Saturday, March 19, 2011

It worked for Michelangelo ...

Two and a half recent events have me thinking about my career as a writer and the writing industry in general. This is not completely new territory for me, if you check my archives you'll find one or two previous forays, but I've been wandering a bit farther afield of late.

The first full event was a long and at times impassioned series of conversations with a person I respect who strongly supports internet underground organizations like Wikileaks and Anonymous. (Being of my generation, he lacks the cyber savvy or networking feng shui to be part of either; it was an essentially intellectual debate.) Our differences were not so much political as they were philosophical: what is information and who has the right to control it. His view – which is widespread across the internet and gaining traction in more spheres than I'd like to think – is that any datum is essentially a found object. Information has no owner and should be universally available without cost. At the crux is what form that information takes.

There was an earthquake in Japan. That's a fact that should not cost you anything to know. But what about an analysis of the effects of that earthquake on a major Japanese nuclear facility and the potential for radioactive repercussions? Or a series of articles describing the selfless acts and heroic rescues as ordinary folks united to save each other in the face the natural disaster, complete with extensive interviews of the people involved? Or – looking a few months and years into the future – a novel or movie about one family's survival? Or a whodunit in which a murderer uses the opportunity of the tsunami to cover her crime? Or a science fiction story about a giant fire-breathing lizard spawned from the ocean by the uncontrolled radiation terrorizing Tokyo? (Wait, I think that last one's been done.) In the mind of my friend: free, free, free, free, and free.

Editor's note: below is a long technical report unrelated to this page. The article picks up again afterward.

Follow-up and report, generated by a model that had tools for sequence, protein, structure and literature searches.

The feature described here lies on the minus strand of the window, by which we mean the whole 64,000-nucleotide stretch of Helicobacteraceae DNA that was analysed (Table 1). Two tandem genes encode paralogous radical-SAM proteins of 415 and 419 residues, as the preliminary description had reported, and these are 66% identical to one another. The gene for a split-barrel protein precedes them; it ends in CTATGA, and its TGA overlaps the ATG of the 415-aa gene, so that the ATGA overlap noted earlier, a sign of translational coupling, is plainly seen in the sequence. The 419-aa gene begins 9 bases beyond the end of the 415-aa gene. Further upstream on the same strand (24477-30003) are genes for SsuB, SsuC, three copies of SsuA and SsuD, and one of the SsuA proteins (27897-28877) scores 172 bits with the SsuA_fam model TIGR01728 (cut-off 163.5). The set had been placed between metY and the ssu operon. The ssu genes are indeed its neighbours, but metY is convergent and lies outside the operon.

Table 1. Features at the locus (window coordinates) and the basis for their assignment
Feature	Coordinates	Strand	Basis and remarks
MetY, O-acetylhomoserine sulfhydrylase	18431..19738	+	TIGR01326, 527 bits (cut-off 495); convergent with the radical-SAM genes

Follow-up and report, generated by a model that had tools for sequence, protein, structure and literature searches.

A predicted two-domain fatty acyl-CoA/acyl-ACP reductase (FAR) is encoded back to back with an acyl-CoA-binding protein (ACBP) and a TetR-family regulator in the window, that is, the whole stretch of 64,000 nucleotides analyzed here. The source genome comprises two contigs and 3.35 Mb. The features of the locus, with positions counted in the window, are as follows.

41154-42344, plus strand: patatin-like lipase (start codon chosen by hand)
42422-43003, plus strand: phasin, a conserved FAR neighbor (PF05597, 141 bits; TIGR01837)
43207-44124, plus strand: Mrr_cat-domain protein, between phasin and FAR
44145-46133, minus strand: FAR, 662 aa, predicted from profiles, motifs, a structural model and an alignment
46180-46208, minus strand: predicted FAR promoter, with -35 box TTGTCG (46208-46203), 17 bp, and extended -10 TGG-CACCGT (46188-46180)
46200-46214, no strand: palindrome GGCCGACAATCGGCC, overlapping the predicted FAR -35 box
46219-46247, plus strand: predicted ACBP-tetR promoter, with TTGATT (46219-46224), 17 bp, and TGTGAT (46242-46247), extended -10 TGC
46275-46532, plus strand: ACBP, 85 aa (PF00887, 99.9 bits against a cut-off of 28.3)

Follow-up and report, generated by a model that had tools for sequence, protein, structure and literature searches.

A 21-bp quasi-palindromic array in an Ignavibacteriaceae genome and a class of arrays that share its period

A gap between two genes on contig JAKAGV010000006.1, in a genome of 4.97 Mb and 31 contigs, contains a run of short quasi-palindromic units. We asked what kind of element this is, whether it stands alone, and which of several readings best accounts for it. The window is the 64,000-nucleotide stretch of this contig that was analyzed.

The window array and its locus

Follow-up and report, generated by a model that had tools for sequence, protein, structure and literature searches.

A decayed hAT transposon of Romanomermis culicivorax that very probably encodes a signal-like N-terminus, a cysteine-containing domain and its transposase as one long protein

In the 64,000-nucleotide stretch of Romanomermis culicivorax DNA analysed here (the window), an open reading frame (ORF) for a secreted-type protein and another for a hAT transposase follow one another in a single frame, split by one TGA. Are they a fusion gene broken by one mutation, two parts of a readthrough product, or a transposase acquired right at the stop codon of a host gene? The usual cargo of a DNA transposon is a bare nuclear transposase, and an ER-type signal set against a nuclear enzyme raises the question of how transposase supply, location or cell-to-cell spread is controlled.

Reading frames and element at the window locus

Not surprisingly, he's among the millions who applaud efforts to have all books – even currently copyrighted books – transcribed to the internet so everyone can have free access. Printed material should no longer be available only to those with the excess income to invest in paper products that are going to end up in a landfill anyway. He, like many people, is convinced 90% of a book's cover price is corporate profit. (He cited remainders tables as proof publishers can make money selling books for $1 each.)

He did concede that in the examples from Japan above the reporter who may have risked her life to interview the survivors and – to a lesser extent – the writer who converted the raw data presented by scientists and engineers into prose the general public could understand had performed services for which they should be paid. He was less sure about the fiction writing (like most nonwriters, he perceives the process of creating fiction to be a combination of lucid dreaming and automatic writing requiring little actual effort). When I pointed out I write fiction, he responded: "Yeah, but you have a job." In his mind the latter covered any expenses of the former.